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Post  northernwitch on 11/5/2009, 3:27 pm

Corneal Diseases of Dogs and Cats

John S. Sapienza, DVM, Diplomate, American College Of Veterinary Ophthalmologists
Plainview, New York, USA

The cornea is composed of five basic layers: the precorneal tear film, the
epithelium and its basement membrane, the stroma, Descemet's membrane, and the
corneal endothelium.

The transparency of the cornea is based on the lack of blood vessels and cells, the
lack of pigment, the control of corneal water content, and the smooth optical
surface afforded by the precorneal tear film. The cornea can react to disease
in several fashions: with edema, vascularization, scar formation, pigmentation,
cellular infiltration, and the accumulation of abnormal substances.


Corneal ulcers can be divided into superficial and deep stromal ulcers. Superficial
ulcers generally heal quickly and uneventfully. Topical broad-spectrum
antibiotics such as BNP or chloramphenicol QID are advised in addition to
topical atropine TID-QID, as well as a protective Elizabethan collar.

Generally, more aggressive therapy is necessary for deep corneal ulcers, desmetoceles,
iris prolapses, and melting corneal ulcers (keratomalacia). Deep corneal ulcers
(> 1/2 stromal depth) are best treated with surgical intervention; i.e., a
conjunctival pedicle / island graft or a corneal graft. Third eyelid flaps do
not generally provide the support for the weakened cornea.

Corneal lacerations are best to refer to the ophthalmic specialist as early as possible
for prompt repair. If the iris is prolapsed and appears viable, replacement can
be performed or the iris can be amputated if considered necrotic. The cornea is
sutured with 7-0 to 10-0 suture, and the anterior chamber is reformed.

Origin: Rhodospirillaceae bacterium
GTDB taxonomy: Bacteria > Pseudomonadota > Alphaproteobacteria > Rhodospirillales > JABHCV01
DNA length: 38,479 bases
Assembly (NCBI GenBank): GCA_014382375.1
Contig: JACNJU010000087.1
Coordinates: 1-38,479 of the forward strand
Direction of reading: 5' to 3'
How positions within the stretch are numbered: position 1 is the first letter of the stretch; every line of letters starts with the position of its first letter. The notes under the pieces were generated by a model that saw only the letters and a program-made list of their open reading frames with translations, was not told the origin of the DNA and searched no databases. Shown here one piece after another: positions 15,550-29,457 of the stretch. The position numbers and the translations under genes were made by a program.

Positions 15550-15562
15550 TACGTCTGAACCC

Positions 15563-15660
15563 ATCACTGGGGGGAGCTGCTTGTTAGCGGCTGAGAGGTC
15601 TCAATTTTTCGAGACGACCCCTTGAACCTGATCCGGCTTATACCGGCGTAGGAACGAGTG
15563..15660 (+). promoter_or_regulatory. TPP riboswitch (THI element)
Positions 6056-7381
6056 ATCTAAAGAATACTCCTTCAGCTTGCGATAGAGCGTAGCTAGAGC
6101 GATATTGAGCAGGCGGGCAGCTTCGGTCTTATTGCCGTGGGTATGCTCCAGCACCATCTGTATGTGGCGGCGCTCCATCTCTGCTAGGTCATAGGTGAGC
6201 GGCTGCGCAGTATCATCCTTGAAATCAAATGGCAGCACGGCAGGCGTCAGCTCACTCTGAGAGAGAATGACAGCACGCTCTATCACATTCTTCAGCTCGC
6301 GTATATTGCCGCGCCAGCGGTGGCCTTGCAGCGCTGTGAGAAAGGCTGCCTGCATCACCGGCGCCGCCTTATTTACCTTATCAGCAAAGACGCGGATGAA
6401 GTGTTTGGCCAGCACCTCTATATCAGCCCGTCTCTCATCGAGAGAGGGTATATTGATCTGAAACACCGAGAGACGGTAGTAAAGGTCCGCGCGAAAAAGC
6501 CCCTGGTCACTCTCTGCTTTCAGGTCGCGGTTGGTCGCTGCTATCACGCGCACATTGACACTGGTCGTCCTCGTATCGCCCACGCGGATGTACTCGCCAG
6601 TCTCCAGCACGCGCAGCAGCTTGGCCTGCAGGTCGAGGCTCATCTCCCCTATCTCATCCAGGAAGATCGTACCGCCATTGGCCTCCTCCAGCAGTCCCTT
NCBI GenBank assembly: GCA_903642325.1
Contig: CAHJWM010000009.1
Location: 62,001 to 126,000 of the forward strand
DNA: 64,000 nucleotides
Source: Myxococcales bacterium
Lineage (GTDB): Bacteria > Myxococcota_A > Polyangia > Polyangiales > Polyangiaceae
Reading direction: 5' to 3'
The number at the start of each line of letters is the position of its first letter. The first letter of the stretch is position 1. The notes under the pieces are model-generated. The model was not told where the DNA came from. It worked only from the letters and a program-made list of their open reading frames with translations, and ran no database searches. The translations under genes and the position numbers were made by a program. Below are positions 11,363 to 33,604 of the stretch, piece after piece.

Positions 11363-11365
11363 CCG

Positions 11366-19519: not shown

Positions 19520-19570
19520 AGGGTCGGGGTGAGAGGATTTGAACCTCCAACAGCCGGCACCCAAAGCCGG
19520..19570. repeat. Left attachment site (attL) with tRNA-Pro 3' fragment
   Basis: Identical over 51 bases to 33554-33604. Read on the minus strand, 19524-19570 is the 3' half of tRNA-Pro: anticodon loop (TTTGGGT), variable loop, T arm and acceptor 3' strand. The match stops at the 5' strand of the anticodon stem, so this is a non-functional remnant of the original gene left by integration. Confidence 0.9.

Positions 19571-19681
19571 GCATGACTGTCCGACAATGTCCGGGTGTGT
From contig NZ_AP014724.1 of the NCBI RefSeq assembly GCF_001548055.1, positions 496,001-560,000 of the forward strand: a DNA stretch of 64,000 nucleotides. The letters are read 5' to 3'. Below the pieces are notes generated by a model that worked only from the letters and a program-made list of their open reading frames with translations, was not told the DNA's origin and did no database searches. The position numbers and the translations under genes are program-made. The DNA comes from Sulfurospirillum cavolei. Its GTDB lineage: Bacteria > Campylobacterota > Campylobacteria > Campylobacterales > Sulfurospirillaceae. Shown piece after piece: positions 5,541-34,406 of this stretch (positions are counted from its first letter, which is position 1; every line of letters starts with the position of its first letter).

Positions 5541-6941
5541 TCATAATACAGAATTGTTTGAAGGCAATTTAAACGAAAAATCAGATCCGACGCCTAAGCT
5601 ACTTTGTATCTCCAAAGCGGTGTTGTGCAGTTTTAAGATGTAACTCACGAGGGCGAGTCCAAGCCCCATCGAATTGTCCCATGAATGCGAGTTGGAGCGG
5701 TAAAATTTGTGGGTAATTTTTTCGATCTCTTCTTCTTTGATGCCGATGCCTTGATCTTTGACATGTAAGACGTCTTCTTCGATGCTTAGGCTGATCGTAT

Keratomalacia, or the so-called " melting corneal ulcer, " is common in clinical
practice. Prior to the instillation of any ophthalmic medication, the edge of
the lesion is cultured with a sterile culture swab. Cytology is obtained at the
leading edge of the lesion after the instillation of topical proparacaine.
General guidelines for the appropriate treatment of melting ulcers include:
fortified topical antibiotics (gentamicin, tobramycin, or ciprofloxacin every
1-2 hours), topical serum or plasma, subconjunctival gentamicin or tobramycin,
topical atropine, systemic antibiotics, and often surgery; namely, a
conjunctival graft to provide support, blood vessels and healing serum factors.

Thoughts to Consider

The depth of the ulcer.
Deep ulcers need support in the form of corneal or conjunctival grafts. Third
eyelid flap won't do the job. Deep corneal ulcers rarely improve with topical
medications as the sole therapy. Many deep corneal ulcers proceed to corneal
perforations without the proper surgical intervention and judicious, close

Complicated, infected ulcers need intensive therapy. Initially, I recommend hourly drops!

Anti-collagenase activity needs to be addressed. Topical serum is readily available and
works very well. You must be very aseptic when preparing the patient's serum,
for a sample contaminated with bacteria can iatrogenically super-infect the
lesion. Although many veterinarians commonly use acetylcysteine, experimental
studies show that this product is not very efficacious. Anyway, it smells like
rotten eggs.

Infected corneal ulcers need the " heavy guns " of antibiotics. Fortified solutions can
be made by injecting intravenous antibiotic preparations into the ophthalmicgrade antibiotic bottle.

Atropine is essential for cycloplegia.

Early surgical intervention is important. Many surgical techniques are available in order
to save the globe and to restore good vision.


Indolent Ulcers
Indolent ulcers are due to a defect in the basement membrane, the corneal
"glue" if you will, which adheres the epithelium to the underlying
corneal stroma. The diagnosis of indolent ulcers is rather straightforward.
With the use of fluorescein stain, one can observe the stain to seemingly
migrate under the edge of the epithelium (the so-called epithelial "
lipping ") due to a detachment of the overlying epithelium to the
underlying stroma. Therapeutic options focus on the re-enforcement or
re-creation of this basement membrane, and to promote the adhesion of the
epithelium to the underlying corneal stroma. Both medical and surgical options
are available. Several topical ophthalmic treatments have been published for
these cases of indolent ulcers and include: topical fibronectin, epithelial
growth factor, serum, polysulfated glycoaminoglycans, aprotinin, and
hyperosmotic agents. Certain ophthalmologists perform a complete superficial
lamellar keratectomy as part of their initial therapy. Other ophthalmologists